Now is as good a time as any to think about switching to Vista, if your organization uses Windows XP or an earlier...
iteration of Windows. (They might not admit it, but some big enterprises still use a lot of Windows 2000 and NT boxes.) However, what we are now learning about Microsoft's own confusion over the release of the original Vista, as well as the vague SP1 release schedule, is likely to make some C-level execs lukewarm to the migration idea at best.
Obviously, a company may be pushed to upgrade by external factors, such as compatibility with a key supplier or client, or a need to run Vista-only apps, and so on. For many organizations, however, the choice still looks like this: stick with a flawed but patched and well-understood OS, or migrate to a more secure alternative that comes with several drawbacks, like hefty hardware requirements, serious compatibility issues (hardware and software) and nagging availability questions. Enterprises using XP today should think back to when they were contemplating that transition. When did that transition take place, on initial release or following the release of SP1? In fact, a lot of organizations delayed until SP2.
It's worth noting that Vista SP1 will offer a number of security enhancements, including an improvement to the security of RemoteApp programs and desktops by allowing Remote Desktop Protocol (RDP) files to be signed. An Elliptical Curve Cryptography (ECC) pseudo-random number generator (PRNG) also gets added to the list of available PRNGs in Vista. (While offering a greater range of PRNGs would normally be a good thing, giving developers more choices when they need to encrypt data, this particular random number generator is currently shrouded in controversy owing to allegations of an NSA backdoor, not to mention the fact that it is slow, so many developers may end up avoidng it.) Additionally, SP1 provides Vista's BitLocker Drive Encryption (BDE) with an additional multi-factor authentication method. The encryption feature first uses a key that is protected by the Trusted Platform Module (TPM) and combines it with a user-generated personal identification number (PIN).
Unfortunately, SP1 also has drawbacks. Microsoft has confirmed that Vista SP1 intentionally prevents some third-party applications from running because they may cause instability after SP1 has been installed (these include products from Trend Micro Inc., Zone Labs Inc., BitDefender, and Novell Inc--see this Microsoft Knowledge Base article for more details.) SP1, however, gives security software vendors a more secure way to communicate with Windows Security Center and APIs, and third-party security and malicious software detection applications can work with kernel patch protection on x64 versions of Vista.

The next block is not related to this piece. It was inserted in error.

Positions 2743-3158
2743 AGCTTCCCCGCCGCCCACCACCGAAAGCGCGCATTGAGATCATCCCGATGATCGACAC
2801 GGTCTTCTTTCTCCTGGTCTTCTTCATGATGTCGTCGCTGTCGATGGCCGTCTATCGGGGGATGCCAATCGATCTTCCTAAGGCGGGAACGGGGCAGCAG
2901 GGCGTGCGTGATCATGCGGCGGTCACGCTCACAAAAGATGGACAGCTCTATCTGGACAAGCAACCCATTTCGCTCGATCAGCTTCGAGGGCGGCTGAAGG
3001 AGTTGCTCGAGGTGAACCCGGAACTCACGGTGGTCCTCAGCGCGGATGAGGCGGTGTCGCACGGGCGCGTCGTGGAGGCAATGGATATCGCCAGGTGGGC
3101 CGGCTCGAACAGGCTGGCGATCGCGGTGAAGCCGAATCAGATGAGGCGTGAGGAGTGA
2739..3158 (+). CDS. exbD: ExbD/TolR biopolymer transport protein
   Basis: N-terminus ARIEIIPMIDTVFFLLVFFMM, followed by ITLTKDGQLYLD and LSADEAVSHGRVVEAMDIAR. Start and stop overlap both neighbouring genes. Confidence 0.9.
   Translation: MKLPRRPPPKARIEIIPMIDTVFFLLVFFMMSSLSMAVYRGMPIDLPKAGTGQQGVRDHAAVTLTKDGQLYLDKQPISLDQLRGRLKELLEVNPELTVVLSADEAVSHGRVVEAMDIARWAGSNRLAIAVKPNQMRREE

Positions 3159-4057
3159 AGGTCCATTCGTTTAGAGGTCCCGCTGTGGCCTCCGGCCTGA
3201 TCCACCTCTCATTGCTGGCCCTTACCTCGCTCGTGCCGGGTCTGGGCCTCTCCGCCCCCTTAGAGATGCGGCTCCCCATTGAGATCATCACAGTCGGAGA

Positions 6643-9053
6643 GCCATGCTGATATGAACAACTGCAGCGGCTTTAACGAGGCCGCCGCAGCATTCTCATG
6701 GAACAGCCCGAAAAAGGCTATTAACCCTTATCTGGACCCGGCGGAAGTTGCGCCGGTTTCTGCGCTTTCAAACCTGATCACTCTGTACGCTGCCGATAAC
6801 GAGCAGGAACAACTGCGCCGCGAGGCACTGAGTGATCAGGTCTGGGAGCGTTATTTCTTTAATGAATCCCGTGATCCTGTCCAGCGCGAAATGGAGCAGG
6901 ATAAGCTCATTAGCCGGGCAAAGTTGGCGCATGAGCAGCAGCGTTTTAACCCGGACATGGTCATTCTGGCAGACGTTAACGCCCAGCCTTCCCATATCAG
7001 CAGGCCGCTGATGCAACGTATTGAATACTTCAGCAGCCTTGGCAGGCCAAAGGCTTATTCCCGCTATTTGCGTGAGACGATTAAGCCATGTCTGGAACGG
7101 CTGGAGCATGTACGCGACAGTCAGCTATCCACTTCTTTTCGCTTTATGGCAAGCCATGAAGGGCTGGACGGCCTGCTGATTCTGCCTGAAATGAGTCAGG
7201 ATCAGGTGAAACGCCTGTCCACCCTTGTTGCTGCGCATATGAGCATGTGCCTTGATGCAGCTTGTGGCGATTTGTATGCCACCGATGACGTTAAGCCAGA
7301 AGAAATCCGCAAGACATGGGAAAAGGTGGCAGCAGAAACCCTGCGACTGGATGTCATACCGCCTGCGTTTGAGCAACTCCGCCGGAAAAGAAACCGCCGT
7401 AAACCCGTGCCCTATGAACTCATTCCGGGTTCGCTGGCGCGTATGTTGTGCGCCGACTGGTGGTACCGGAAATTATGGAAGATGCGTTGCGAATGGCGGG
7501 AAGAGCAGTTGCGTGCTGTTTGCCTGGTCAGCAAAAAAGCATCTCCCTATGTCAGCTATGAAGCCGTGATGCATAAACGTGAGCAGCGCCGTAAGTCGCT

SP1 does promise two things that might make the migration itself more palatable. First, device compatibility should be improved, with better support for a whole range of devices such as graphics cards and high density drives like Blu-ray. Second, reliability, an important aspect of security, is about to be enhanced. Supposedly, SP1 will more than double the mean number of hours between disruptions, from about 17 hours to about 34. (Maybe it's just me, but neither number sounds great, and it would help to know more about how that metric compares to XP. Unfortunately, Microsoft does not provide such a number. I know, however, that my XP laptop often goes longer than 40 hours between "disruptions.")
For most organizations, Vista implementation is not going to be just a security issue. There are serious costs concerning new hardware and software, which means some serious cost-benefit analysis must take place. If you are currently running XP and are on top of patch management and security training for end users, it's likely that your security issues aren't serious enough to justify making the switch right now. A year from now, there will be a lot more data -- and hopefully a lot more inexpensive hardware -- upon which to base your decision.